Oracle says it will make a $1.4 billion investment in computer science and coding education across Europe, in one of the most sweeping corporate commitments to date focused in building students’ skills in the language of software and the creation of new technology.
The Silicon Valley company has made other substantial gifts focused on computer science education in the past, including a $200 million investment in the White House Computer Science for All Initiative earlier this year.
The new gift, announced this week, will flow to European Union member states through in-kind and direct financial contributions over a three-year period. It will focus on providing a mix of software, curriculum, and professional development for teachers of computer science, said Alison Derbenwick Miller, vice president of Oracle Academy.
The academy is a division of Oracle that seeks to support computer science education across K-12 systems and colleges. Oracle Academy says that it works each year in 110 countries, and that it has invested $3.5 billion, in U.S. dollars, over the past fiscal year in various tech-education efforts.
The organization typically partners with public institutions when it makes investments, Derbenwick Miller said in an interview. So with the European pledge, the money will likely flow to individual countries’ ministries of education or to local school systems, depending on the structure of those nations’ education systems.
A big focus of Oracle’s effort will be to provide training to teachers and cohorts of instructors, both live and virtually, on computer science and coding. Unlike some industry-sponsored certification programs in K-12, Oracle’s training is not meant to show educators how to use Oracle products, but instead to give them broader skills that can be used in different contexts, with different technologies, she said.
Building teachers’ skills will in turn help develop a new generation of students with literacy in computer science and coding, she argued.
Students “have to know how technology works,” she said, but they also “have to know how to create technology–not just how to use it.”
Support for computer science, and coding in particular has come from policymakers around the United States, elevated by business leaders and nonprofit organizations who see increasing students’ skills in those areas as critical to enhancing their understanding of technology and their job prospects, and strengthening the economy. European officials foresee similar benefits.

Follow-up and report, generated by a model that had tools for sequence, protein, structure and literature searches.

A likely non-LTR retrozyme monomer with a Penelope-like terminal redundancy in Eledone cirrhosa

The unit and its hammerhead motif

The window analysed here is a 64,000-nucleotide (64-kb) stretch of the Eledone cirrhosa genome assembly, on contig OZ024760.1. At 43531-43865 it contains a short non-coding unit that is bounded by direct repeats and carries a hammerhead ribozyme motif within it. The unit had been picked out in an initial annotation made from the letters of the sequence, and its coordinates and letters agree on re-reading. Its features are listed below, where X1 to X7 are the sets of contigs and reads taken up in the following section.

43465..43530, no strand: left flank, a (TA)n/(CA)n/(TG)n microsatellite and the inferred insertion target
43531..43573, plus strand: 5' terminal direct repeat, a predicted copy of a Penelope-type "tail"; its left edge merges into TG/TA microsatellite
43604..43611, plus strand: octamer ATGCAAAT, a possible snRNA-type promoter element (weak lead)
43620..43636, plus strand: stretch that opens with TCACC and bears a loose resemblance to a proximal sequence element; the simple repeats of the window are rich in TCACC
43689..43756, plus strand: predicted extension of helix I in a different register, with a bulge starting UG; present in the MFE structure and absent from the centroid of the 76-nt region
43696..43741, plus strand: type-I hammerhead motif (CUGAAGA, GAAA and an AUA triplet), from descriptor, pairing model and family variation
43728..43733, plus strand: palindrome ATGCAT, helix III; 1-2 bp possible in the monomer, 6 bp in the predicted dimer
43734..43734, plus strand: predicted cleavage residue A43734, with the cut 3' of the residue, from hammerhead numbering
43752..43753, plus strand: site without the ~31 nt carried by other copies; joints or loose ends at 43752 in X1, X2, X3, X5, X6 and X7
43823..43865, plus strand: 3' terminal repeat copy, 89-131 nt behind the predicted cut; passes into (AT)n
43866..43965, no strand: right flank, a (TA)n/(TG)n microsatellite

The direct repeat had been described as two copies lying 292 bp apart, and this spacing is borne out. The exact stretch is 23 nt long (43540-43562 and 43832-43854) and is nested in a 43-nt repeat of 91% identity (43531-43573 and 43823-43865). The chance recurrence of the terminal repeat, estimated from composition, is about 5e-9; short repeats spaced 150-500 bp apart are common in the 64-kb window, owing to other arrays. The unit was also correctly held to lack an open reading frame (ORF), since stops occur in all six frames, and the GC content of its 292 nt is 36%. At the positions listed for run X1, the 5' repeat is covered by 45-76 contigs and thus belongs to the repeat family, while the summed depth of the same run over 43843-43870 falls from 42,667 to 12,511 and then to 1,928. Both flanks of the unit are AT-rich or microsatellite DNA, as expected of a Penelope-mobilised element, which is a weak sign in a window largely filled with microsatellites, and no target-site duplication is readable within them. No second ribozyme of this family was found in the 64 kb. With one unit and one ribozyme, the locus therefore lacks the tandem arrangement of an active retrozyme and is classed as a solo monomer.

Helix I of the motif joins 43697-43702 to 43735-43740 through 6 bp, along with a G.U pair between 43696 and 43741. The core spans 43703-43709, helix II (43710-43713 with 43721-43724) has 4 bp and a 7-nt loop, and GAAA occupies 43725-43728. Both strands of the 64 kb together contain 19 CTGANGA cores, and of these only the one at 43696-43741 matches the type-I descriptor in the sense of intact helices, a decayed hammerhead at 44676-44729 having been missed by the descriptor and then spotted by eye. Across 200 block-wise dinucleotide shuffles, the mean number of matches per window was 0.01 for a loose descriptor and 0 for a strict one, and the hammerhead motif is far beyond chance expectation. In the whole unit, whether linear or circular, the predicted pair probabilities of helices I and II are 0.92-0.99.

“Digitally skilled professionals are critical to Europe’s competitiveness and capacity for innovation,” said John Higgins, the director general of Digital Europe, in a statement accompanying Oracle’s announcement. “Over the last 10 years, we’ve seen the demand for workers with computer science and coding skills grow by 4 percent each year.”
Oracle’s channeling of funding for training within the EU “will help strengthen our digital economy,” he said.
As coding’s star has risen in K-12 schools, the movement has also drawn criticism from those who see various approaches to teaching it as too shallow and failing to offer a rich understanding of computer science. Others question how prepared teachers are to teach coding effectively–a shortcoming the Oracle project seems keen to address.
Its common for companies working in technology and other areas to use their financial largess to call attention to and build public favor for their brands. And there is certainly a potential business upside for Oracle through the European computer science project, Derbenwick Miller acknowledged. But if students and other consumers choose to recognize and reward Oracle and other companies for their support of coding and computer science, she does not see that as a negative.
“When you look at what millenials are looking for” from organizations, corporate social responsibility ranks high on the list, she said, adding: “The weight that the market places on this kind of work is increasingly important.”